Tuesday, October 20, 2009
Earlier in the month, Anne and I took a drive down to Mystic, Connecticut to experience B.F. Clyde's, the only steam-powered apple cider mill in the U.S. It was a lovely fall day; perfect weather for apple cider and cider donuts! Amply nourished, we commenced a lazy automobile tour of the area, and ended up poking around a few antiques stores and a fun Goodwill store in Groton, Connecticut. The Goodwill visit yielded the glass-domed dried weed arrangement pictured above for a more than reasonable .99 cents, and a very old pad of manila paper for .50 cents: perfect for any project calling for old-looking labels or tags!
A local antiques shop made for some entertaining browsing, but my purchase was limited to a small corked bottle of mysterious oil, procured for $2.99. I desperately wanted it to be an old bottle of whale oil to enhance my modest collection of nautical and whaling related artifacts, and it might well be, though it was unlabeled, and the thoroughly stuck cork will prevent me from ever truly knowing!
I thought the little bottle rather closely resembled some I had seen in a whaling display at Mystic Seaport. The display featured a wooden box containing bottled samples of oil taken from each whale captured during the 1875-1878 voyage of the whaleship Ohio:
Curious to glean a bit more information regarding what a bottle of whale oil might look like, I searched the online object collection of the wonderful Whaling Museum in nearby New Bedford, Massachusetts, and was intrigued by an entry for a bottle of "Spermacity [sic] taken direct from the cooling tank by the cooper on the last voyage of the Charles W. Morgan". Below is a picture of the bottle, courtesy of the Whaling Museum:
The Charles W. Morgan is the only surviving wooden whaleship from the 1800's. It is on permanent display at Mystic Seaport, where it is currently undergoing a thorough restoration. Though the Whaling Museum's aluminum foil-topped bottle of "spermacity" might leave something to be desired aesthetically, I was greatly impressed by the powerfully evocative nature of such an artifact; I couldn't help but imagine the cooper's urgent desire to preserve a little bit of that slippery stuff that had been the Morgan's very raison d'être, on what he knew would be the last of her 37 successful whaling voyages.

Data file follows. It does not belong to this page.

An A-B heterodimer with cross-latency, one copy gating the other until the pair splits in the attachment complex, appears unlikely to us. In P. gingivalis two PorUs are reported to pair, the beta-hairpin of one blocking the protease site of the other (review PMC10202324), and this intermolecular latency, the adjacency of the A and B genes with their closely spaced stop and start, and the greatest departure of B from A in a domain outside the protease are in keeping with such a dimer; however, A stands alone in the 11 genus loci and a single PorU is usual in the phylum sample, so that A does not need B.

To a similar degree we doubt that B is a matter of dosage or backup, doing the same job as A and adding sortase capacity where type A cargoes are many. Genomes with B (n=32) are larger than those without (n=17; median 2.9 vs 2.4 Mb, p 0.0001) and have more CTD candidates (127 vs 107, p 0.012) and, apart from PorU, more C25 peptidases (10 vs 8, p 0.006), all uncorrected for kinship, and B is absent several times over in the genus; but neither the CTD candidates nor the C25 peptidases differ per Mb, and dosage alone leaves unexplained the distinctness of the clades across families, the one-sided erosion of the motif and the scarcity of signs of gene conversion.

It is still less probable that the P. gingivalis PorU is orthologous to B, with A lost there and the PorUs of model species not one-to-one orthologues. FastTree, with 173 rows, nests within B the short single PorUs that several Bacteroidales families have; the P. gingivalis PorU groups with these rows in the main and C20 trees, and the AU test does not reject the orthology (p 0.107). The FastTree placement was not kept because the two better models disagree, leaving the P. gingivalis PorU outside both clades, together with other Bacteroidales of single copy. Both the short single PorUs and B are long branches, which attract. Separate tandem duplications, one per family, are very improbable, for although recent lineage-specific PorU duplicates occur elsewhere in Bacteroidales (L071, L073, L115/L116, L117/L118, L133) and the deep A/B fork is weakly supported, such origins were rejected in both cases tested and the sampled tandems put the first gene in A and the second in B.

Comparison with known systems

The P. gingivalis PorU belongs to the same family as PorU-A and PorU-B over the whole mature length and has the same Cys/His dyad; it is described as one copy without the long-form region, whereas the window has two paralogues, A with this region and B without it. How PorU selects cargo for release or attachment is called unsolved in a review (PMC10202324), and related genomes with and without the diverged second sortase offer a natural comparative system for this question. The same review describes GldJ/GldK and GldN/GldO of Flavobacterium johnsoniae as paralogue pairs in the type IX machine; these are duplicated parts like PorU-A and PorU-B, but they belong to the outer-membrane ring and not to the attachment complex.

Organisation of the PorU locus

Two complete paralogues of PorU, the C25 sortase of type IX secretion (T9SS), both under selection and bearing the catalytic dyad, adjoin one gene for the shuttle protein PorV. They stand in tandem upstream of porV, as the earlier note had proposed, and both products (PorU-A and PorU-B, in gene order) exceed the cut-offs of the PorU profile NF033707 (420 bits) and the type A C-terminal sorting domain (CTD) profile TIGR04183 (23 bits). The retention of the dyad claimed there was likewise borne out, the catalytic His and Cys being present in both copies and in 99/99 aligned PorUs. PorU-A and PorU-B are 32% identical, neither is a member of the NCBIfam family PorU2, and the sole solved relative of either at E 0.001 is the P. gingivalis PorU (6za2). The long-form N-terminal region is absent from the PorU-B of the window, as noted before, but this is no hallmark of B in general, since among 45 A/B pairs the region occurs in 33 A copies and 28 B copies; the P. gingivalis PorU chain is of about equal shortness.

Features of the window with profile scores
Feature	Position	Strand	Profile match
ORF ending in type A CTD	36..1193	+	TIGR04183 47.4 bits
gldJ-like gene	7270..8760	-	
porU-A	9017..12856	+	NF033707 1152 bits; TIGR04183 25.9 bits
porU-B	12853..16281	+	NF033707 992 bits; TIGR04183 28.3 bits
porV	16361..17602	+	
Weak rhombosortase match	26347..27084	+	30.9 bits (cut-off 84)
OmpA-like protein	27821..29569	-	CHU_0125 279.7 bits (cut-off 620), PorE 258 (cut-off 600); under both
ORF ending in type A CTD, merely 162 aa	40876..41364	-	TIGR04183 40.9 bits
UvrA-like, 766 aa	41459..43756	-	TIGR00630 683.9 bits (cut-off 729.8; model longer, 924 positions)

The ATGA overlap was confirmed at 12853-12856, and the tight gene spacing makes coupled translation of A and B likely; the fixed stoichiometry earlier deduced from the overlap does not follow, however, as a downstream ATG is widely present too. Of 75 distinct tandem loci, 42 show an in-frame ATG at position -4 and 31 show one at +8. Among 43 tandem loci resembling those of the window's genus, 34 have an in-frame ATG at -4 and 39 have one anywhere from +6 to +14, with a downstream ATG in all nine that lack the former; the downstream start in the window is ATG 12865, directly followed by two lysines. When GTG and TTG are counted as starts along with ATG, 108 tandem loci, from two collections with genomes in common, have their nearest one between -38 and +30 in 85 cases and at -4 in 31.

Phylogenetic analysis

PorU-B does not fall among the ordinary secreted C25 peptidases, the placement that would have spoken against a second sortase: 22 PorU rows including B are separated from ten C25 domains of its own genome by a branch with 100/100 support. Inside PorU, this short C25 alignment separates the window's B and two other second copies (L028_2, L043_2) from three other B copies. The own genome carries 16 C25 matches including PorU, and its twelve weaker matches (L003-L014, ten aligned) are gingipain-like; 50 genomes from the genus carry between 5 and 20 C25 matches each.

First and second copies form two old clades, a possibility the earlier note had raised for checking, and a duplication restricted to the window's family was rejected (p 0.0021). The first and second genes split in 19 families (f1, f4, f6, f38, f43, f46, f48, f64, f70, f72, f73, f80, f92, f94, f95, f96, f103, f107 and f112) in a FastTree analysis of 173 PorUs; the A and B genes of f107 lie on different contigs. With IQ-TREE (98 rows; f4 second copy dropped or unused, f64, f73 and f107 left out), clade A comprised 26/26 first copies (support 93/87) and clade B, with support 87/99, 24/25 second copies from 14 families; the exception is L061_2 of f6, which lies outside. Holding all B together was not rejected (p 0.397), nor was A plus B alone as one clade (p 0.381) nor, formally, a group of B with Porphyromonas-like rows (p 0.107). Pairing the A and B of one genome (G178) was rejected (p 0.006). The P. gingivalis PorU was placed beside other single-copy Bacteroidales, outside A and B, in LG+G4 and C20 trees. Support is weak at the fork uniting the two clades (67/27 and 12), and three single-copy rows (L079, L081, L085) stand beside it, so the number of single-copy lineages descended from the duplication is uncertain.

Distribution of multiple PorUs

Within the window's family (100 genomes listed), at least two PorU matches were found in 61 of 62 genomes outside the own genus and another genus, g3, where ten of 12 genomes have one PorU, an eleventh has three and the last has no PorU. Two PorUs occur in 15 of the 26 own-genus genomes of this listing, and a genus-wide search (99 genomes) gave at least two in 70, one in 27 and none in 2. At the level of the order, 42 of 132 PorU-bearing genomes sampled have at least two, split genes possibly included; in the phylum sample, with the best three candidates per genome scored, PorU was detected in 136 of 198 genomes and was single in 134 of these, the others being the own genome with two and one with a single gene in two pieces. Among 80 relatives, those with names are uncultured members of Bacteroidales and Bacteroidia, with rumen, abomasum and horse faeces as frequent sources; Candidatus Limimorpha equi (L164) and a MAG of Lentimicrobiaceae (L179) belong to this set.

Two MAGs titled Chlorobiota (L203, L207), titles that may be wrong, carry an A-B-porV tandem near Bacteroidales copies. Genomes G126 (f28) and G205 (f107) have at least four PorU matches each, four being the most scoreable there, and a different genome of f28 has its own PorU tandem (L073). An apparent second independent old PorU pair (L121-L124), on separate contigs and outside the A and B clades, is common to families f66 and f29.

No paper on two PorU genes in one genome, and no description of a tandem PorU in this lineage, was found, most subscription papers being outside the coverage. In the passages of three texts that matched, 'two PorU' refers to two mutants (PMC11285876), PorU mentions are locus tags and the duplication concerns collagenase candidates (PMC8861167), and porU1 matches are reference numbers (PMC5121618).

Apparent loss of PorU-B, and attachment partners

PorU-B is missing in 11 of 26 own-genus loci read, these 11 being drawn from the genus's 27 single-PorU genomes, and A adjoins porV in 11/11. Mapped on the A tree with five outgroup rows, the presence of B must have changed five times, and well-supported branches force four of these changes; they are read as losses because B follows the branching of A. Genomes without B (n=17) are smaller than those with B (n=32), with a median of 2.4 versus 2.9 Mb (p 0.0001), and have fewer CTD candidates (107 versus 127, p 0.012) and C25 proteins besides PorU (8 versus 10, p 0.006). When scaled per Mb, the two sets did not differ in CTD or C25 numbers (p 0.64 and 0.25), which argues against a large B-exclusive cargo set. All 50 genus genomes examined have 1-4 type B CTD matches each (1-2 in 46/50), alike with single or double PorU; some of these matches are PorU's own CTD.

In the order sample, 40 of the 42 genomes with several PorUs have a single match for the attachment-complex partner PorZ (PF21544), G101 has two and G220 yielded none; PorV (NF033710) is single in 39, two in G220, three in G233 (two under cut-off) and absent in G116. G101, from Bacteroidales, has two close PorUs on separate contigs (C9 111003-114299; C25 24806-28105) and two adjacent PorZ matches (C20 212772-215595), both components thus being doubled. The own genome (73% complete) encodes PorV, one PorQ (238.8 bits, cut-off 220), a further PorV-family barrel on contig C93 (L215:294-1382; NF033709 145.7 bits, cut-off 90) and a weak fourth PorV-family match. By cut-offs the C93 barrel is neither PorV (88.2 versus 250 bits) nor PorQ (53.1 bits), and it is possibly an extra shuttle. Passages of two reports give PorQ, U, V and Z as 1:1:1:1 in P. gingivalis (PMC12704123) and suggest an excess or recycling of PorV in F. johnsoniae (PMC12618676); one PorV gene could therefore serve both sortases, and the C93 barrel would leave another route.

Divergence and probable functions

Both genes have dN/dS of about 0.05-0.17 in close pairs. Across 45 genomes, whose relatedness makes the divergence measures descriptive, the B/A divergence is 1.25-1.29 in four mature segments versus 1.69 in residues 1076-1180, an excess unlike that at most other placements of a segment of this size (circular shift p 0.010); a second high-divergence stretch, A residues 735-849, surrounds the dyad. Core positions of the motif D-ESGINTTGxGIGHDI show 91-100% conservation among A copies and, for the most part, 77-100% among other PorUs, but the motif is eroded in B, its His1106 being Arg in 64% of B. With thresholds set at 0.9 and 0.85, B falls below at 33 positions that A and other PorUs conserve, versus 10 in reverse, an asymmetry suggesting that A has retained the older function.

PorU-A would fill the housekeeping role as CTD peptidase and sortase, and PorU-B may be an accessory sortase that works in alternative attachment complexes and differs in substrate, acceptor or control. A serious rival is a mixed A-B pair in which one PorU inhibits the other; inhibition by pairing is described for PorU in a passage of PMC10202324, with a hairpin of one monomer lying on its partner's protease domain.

Thusly inspired and, as ever, not much of a stickler for authenticity, I determined that, for my own enjoyment, my little bottle of mystery oil might easily be transformed into an artifact of the old whaling days. The real value of any artifact on display, whether authentic or not, is it's power to vividly evoke a sense of the time or circumstance during which the object originated. That old "spermacity" bottle in the Whaling Museum might actually contain castor oil for all I know, but it's very existence captivated me and, in turn, led me to further investigate records of the Charles W. Morgan's final voyage (peruse the actual logbook from her last voyage here). The potential for an object to tell a story and inspire exploration and learning has long been a source of interest to me; indeed it was the impetus for my creation of the National Museum of Hospital and Pharmaceutical History, but alas, I digress...
My .50 cent pad of antique manila paper proved the perfect material on which to type up a label for my little bottle of "whale oil". The label reads, simply: "Oil from the last whale taken by the Charles W. Morgan, 05/21/1921". Serendipitously, the glass dome that had housed a display of dried weeds was perfectly suited to the protection and enhancement of my new artifact, and was made ready by merely removing the weeds and adding a flat disk of cork for the bottle to sit upon. The result:
Thank You for joining me, and happy autumnal days to you all!!!